APPEAL from the Circuit Court of Cook County; the Hon. CHARLES
S. DOUGHERTY, Judge, presiding.
MR. JUSTICE SCHAEFER DELIVERED THE OPINION OF THE COURT:
An arbitrator for the Industrial Commission found the claimant, James Wright, to be "wholly and permanently incapable of work," and entered an award for permanent total disability. On review the commission affirmed. Republic Steel Corporation, the employer, filed a petition for certiorari to review the decision of the commission. That petition was dismissed on procedural grounds by the circuit court of Cook County. Thereafter, upon writ of error this court reversed the order of dismissal, and remanded the case to the circuit court with directions to proceed with a hearing on the merits. (30 Ill.2d 311.) After a hearing the circuit court found that the decision of the commission was not contrary to the manifest weight of the evidence, and affirmed the award. The employer has appealed.
It is undisputed that on April 20, 1960, the claimant suffered an accidental injury which arose out of and in the course of his employment. He fell ten feet from the roof of a furnace to the floor and landed on his head. He recovered consciousness in a hospital about an hour and a half later. His scalp was cut and his right shoulder was broken. His back and left wrist were also injured. He remained in the hospital for ten days. On June 1, 1960, he went out to the steel mill, and "got in a daze." He "woke up" in a bed in the company's clinic, and was again hospitalized until June 7, 1960. The employer furnished medical, surgical, and hospital services, and paid $360 as compensation for temporary total disability. It admits that there may be some permanent partial disability, but it contends that the medical evidence does not justify an award for permanent total disability.
The claimant testified before the arbitrator and before the commission. He described the circumstances of the accident, his two periods of hospitalization, and the treatment that he received. He testified that he suffered from dizziness every day and from headaches every two or three days; that his back became numb if he sat for a long time, and that when he walked five or six blocks, or when he bent over, he experienced a sensation in the top of his head "like I am going to pass out." Since the accident he stutters and has nervous twitches in his face and hand. Before the accident he neither stuttered nor had twitches. When he testified before the commission on September 28, 1961, the claimant testified that he still experienced the same symptoms.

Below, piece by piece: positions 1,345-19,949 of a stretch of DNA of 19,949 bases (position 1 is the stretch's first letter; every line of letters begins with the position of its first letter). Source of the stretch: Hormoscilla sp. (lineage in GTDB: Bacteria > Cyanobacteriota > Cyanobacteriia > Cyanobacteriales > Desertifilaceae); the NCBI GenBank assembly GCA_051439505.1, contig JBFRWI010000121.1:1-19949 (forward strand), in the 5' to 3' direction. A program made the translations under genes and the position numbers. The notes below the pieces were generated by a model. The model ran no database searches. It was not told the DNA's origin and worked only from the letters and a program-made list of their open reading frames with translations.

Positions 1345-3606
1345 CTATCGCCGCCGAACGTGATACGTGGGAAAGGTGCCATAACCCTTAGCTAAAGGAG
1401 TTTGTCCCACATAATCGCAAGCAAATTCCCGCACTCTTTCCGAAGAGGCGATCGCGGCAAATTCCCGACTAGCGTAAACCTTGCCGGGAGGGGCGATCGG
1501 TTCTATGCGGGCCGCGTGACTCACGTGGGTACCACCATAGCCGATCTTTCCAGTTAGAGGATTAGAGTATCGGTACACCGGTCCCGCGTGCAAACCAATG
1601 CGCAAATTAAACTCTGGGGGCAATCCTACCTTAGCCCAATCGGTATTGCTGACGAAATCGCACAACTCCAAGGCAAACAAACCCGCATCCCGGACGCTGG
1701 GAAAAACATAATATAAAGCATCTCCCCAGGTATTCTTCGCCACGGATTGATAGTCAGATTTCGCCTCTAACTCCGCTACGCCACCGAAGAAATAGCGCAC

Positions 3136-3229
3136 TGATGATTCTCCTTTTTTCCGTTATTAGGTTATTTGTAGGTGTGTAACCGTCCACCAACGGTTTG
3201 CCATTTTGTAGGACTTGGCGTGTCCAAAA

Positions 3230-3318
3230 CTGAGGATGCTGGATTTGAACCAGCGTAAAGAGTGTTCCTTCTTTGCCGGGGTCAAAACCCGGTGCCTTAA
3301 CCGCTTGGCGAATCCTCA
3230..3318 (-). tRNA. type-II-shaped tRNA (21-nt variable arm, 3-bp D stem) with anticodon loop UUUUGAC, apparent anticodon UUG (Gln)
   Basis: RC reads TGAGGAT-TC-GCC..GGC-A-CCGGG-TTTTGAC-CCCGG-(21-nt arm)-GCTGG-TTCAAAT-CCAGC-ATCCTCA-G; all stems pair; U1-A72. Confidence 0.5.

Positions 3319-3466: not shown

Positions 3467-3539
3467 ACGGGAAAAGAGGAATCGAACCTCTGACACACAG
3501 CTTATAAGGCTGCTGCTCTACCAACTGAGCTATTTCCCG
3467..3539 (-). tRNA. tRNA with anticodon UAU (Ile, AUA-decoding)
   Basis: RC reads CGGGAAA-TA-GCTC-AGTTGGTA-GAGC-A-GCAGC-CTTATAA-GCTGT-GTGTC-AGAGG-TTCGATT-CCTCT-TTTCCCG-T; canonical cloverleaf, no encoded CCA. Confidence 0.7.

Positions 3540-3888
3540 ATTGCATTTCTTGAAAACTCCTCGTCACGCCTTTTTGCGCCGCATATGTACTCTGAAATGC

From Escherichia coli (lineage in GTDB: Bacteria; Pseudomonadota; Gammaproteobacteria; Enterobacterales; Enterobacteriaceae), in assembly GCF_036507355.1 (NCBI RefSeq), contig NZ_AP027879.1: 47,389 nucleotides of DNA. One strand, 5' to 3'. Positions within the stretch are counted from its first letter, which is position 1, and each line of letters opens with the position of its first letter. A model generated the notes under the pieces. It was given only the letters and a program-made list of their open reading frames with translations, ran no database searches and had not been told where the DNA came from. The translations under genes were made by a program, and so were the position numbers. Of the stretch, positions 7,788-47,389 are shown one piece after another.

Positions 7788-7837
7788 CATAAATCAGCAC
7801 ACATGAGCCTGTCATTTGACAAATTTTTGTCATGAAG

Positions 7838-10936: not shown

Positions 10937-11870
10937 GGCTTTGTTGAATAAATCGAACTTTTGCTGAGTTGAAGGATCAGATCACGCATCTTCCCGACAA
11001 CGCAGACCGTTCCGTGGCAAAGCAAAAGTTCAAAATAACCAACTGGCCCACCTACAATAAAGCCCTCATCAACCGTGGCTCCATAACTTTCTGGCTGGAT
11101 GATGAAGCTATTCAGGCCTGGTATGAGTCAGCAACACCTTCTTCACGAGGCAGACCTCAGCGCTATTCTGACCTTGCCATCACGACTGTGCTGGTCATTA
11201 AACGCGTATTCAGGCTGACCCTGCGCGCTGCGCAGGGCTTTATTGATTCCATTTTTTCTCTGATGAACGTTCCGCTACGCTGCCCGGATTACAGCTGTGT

Dr. Robert Lewy, an otolaryngologist, testified before the arbitrator. He had examined the claimant on May 16 and 18, 1960. He administered a caloric test which produced an abnormal response in the left ear, which was evidence of injury to "the organ of equilibration, the semicircular canals or other associated nerve tracts in the brain." It was his opinion that there was a causal connection between the claimant's injury and the condition that he found. He testified that this condition could be permanent, "but in all fairness to the total question, the other possibilities are there, too." He could not predict with certainty how long the symptoms were going to last, but he testified that if they had persisted until the date that he testified, (March 6, 1961), "the likelihood of their persisting for a much longer time is very real."
For the employer, Dr. Eric Oldberg testified before the arbitrator that he had performed a neurological examination of the claimant on October 16, 1960. He found that the claimant stuttered in speaking; that "his cranial nerves were all normal, including his optic fundi, the movements of his eyes and the gross hearing in each ear. The neurological examination of his trunk and extremities with respect to motive power, reflex action, sensation and coordination was normal." He found no objective pathology to support the claimant's subjective symptoms, and he concluded that there was no objective evidence of damage to the nervous system. He did not administer a caloric test, and he testified that if such a test produced an abnormal result "the test either had been wrongly performed or the nerve is destroyed." As we understand the record, he eliminated the latter possibility because the claimant's hearing was grossly normal.